Creative industries against COVID – Press X to Start

By Rose Gottschalk (TheLorian)

While the global COVID-19 pandemic continues to significantly affect the United States, people are finding themselves at home more. They are isolating and limiting their contact with the outside world. Kids and parents are working from home, cutting down on time spent commuting and accomplishing some tasks quicker, depending on possible distractions. So what do you do to fill time?

Video games.

Back in March, if you were in the market for a new gaming system, you’d have some trouble. Most stores were completely out of any systems, with a wait list stretching for miles. Just for the Switch, sales went up 150%. This past year, video games were at the highest point since 2010.

New games were breaking records as well. Back in March, “Animal Crossing New Horizons,” which was a long-awaited game, broke sales records and was trending for over two months. It also currently holds the second top-selling spot of 2020 for not only switch games but across all gaming systems.

Twitch, a popular streaming platform for gamers, has had over three billion hours watch between the fourth quarter of 2019 and the first quarter of 2020–something that hasn’t been seen before.

During quarantine, it was also announced that new consoles would be introduced, like the Playstation 5 and Xbox Series X, which will be seen Nov. 5 and Nov. 10, respectively. Possibly due to the surge of demands for the games, Sony announced that they would increase production so they can supply all the people that are still at home.

There were some downsides to the influx of gaming as well. Many video game companies had to delay their release, due to falling behind on production. In particular, smaller indie companies saw this outcome since home offices were unable to match the same quality and output that they could have if they occupied a work building. Voice recordings had to be delayed as well, as the recordings varied due to the background sounds that wouldn’t exist in a professional studio-recording.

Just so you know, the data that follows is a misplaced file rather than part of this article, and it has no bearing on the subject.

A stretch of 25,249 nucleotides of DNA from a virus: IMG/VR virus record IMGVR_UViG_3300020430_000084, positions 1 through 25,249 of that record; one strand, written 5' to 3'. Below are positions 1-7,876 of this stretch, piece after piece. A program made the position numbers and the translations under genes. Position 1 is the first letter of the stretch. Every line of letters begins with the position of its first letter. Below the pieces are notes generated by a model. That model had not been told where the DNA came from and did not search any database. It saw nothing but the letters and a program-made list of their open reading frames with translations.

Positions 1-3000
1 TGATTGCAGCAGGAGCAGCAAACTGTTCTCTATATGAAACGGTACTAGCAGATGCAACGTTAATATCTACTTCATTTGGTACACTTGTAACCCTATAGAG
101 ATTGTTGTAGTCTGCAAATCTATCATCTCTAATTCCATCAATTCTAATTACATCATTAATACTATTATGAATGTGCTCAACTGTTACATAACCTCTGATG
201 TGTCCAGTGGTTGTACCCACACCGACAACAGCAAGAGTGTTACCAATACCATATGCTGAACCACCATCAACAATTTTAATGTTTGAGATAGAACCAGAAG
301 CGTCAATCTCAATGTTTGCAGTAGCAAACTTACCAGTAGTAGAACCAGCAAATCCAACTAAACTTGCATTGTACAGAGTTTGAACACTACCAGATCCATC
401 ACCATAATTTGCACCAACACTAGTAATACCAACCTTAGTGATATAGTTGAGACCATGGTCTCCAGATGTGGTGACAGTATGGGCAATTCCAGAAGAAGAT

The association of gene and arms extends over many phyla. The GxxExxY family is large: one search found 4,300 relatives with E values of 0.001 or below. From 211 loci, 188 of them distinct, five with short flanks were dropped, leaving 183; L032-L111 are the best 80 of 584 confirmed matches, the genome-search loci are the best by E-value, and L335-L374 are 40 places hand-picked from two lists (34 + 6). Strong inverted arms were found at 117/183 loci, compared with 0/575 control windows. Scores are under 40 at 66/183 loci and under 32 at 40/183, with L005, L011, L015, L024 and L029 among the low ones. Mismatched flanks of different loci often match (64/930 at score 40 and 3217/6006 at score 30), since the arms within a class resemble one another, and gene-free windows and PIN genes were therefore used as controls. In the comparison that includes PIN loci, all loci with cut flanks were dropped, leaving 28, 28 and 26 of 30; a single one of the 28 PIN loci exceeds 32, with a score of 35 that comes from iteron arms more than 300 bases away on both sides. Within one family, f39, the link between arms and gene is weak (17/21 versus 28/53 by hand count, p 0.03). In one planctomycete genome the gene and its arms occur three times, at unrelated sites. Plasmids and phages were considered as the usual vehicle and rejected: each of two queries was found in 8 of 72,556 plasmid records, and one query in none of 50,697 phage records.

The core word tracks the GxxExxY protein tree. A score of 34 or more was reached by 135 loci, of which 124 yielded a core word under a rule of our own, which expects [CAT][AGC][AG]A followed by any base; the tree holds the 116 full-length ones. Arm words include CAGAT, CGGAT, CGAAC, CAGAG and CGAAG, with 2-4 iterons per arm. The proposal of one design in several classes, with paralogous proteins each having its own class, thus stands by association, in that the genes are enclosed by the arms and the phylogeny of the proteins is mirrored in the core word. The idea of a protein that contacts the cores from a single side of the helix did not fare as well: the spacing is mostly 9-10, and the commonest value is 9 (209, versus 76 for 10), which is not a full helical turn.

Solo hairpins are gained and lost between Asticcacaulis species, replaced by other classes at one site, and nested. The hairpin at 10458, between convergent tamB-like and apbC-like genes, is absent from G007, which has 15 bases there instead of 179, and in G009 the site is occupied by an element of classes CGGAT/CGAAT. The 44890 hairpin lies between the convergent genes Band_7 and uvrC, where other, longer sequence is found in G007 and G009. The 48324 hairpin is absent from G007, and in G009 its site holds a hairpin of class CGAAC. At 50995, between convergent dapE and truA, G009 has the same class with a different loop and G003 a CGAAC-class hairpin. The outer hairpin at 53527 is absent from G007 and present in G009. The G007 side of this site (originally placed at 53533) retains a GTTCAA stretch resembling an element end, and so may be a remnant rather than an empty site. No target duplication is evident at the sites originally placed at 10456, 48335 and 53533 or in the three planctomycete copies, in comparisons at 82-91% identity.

Conventions were not held over the summer either, although most games were still able to advertise as a result of the transition to virtual events. The outcome of not having a convention for the game will be seen later down the line.

In the second quarter, there was a 30% jump year over year between April and June, reaching $11.6 billion. Although, they’ve since returned to baseline demand after the surge from March through May.

Video games became a way for people to interact with each other when in-person gatherings were frowned upon. Many times on Twitter, there were posts from “Animal Crossing,” where people held parties or virtual weddings. They relied on gaming to communicate, whether through group matches or talking about their latest level achievement.

So although it’s said that video games will rot your brains, they’ve also been a lifeline during the pandemic. They’ve occupied people and opened up lines of communication, limiting feelings of isolation. Next time you power up your system of choice, remember to thank it for occupying you during a crazy time.

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Rose Gottschalk is a copy editor for The Lorian.

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